After the Pandemic: is there hope for the world to get serious about climate change?

After the Pandemic: is there hope for the world to get serious about climate change? After the Pandemic: is there hope for the world to get serious about climate change?

May 14, 20202 min read

Now that industries that once pushed out carbon and pollution have been shuttered and emissions have finally lowered, what changes can we expect from energy sectors? David G. Victor, UC San Diego professor and internationally renowned expert on global emissions and climate change policies, recently noted in this piece for the Brookings Institution that the energy industry will come back, but it will likely look a lot different.

“Pecking orders will change a lot. In oil, American shale suppliers will be hammered while the core of OPEC (Saudi Arabia and Abu Dhabi, plus perhaps Russia) will have more control — but at a huge fiscal cost. In electricity, reliable firms will remain on top. Consolidation of weak into stronger, bigger firms is likely across the industry.”

While energy markets try to stabilize during the economic freefall COVID-19 has caused, the atmosphere is catching its breath. Global emissions of carbon dioxide (CO2), the chief long-term cause of climate warming, have slid perhaps by one-fifth. Of course, this greenery has come at a huge, unacceptable cost. 

And though shock of the novel coronavirus may be expected to catalyze serious solutions to the global problem of climate change, prospects appear bleak, according to Victor. His outlook is formed by analysis of historical patterns of emissions, economic downturns and roadblocks to international cooperation.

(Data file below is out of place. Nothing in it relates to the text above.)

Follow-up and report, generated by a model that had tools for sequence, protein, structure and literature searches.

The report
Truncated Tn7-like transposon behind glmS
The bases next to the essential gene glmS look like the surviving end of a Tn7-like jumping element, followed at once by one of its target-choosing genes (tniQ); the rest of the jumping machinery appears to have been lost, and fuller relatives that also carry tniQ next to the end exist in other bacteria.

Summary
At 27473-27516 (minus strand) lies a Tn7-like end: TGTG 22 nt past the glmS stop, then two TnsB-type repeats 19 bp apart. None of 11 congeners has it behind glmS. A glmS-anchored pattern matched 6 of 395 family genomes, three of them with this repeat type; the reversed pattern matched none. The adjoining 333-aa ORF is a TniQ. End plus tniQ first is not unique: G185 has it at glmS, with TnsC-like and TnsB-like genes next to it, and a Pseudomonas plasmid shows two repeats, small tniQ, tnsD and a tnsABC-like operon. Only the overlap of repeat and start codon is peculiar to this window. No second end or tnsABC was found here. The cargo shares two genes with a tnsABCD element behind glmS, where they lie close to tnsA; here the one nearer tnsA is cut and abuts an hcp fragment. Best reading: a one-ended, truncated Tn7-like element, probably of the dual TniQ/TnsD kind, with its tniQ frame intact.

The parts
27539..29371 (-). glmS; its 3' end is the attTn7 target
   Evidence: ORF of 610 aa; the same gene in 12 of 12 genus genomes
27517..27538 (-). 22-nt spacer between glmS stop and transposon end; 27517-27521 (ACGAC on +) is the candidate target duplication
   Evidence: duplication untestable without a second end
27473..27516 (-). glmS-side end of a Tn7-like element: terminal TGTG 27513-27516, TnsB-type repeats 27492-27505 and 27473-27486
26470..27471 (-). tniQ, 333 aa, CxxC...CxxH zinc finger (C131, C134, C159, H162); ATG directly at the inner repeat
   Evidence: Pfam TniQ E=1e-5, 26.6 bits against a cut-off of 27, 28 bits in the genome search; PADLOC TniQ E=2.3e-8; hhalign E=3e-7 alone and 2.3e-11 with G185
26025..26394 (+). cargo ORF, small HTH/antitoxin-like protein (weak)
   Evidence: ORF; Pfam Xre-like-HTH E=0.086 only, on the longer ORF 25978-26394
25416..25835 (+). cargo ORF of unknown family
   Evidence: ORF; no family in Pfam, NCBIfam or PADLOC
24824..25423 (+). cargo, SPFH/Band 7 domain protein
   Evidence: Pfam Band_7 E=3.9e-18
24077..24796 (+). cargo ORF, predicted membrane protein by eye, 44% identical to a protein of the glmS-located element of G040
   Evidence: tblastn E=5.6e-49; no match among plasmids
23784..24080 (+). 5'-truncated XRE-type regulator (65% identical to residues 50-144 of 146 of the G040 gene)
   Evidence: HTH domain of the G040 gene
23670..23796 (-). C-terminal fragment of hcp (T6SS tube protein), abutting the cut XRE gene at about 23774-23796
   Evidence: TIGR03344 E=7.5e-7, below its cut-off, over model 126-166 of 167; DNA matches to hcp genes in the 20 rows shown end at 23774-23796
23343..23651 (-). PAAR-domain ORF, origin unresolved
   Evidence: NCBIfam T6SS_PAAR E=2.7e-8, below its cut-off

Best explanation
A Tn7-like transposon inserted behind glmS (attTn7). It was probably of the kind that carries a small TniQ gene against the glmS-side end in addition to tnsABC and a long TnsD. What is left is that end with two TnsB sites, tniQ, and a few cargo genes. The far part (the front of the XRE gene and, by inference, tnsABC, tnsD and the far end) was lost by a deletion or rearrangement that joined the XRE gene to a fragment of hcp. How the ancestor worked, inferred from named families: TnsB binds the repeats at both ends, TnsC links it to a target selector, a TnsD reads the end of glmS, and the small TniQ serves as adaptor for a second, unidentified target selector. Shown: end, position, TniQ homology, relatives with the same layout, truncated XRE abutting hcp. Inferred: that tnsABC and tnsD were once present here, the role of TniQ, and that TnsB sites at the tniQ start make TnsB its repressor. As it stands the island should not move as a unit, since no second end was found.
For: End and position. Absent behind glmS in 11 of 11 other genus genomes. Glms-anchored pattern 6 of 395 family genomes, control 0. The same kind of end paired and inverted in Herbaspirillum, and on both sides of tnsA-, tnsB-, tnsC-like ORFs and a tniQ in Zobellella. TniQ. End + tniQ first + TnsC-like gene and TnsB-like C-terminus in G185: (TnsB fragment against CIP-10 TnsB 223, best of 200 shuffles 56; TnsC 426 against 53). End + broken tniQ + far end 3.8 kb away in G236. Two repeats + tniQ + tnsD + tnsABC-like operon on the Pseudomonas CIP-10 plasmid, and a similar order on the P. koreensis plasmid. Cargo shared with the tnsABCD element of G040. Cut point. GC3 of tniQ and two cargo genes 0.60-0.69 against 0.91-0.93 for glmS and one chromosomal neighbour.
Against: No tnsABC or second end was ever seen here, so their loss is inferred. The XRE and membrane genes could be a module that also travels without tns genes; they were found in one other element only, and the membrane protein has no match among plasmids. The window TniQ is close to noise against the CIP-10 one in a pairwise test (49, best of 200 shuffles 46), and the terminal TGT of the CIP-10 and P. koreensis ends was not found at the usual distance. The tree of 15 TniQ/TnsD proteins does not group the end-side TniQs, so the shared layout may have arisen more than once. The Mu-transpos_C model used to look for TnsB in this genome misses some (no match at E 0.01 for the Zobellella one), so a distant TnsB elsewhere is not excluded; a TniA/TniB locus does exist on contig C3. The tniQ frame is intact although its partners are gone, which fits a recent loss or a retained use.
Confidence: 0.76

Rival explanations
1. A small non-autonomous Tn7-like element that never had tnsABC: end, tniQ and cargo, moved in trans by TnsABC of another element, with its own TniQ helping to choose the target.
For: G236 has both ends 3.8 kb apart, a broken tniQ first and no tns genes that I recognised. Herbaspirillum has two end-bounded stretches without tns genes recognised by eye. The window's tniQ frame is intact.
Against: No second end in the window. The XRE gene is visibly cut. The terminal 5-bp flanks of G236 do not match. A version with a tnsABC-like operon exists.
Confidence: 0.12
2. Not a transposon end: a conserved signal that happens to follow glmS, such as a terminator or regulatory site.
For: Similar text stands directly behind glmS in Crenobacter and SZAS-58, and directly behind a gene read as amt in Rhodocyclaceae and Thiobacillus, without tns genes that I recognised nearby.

“Just by looking around today—with everyone stuck at home for the moment and holding meetings on Zoom—it is easy to envision a future with a lot less travel,” Victor wrote in this Foreign Affairs piece. “But history suggests that when incomes start growing again and the constraint of locality is lifted then people will spend, again, on mobility. The higher the incomes, the more the money—and the more the emissions, at least historically.”

In a recent article for Foreign Affairs, Victor also outlines what has grown more evident amid pandemic surrounding the topic of climate change: 

"Serious international action on climate change will not arise from some grand 'Kumbaya' moment, in which leaders around the world come together because the novel coronavirus has forced them to shed the scales from their eyes and realize the value of science and cooperation. Rather, the countries that have the wherewithal to steer and rebuild their economies through this crisis will be the ones to lead the coming efforts at environmental reform. They must use their skills wisely to meet a challenge that will not have disappeared.

If you’re a journalist covering how COVID-19 is impacting international efforts on climate change – then let us help.

David Victor is a professor of international relations at UC San Diego who co-chairs the Cross-Brookings Initiative on Energy and Climate and UC San Diego’s Deep Decarbonization Initiative. He can speak to reporters’ energy market forecasts and on how climate change efforts are impacted by the COVID-19 public health crisis. Simply click on the icon below to arrange an interview.

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  • David Victor
    David Victor Professor of International Relations; Co-director, Laboratory on International Law and Regulation

    David Victor's research focuses on highly regulated industries and how regulation affects the operation of major energy markets.

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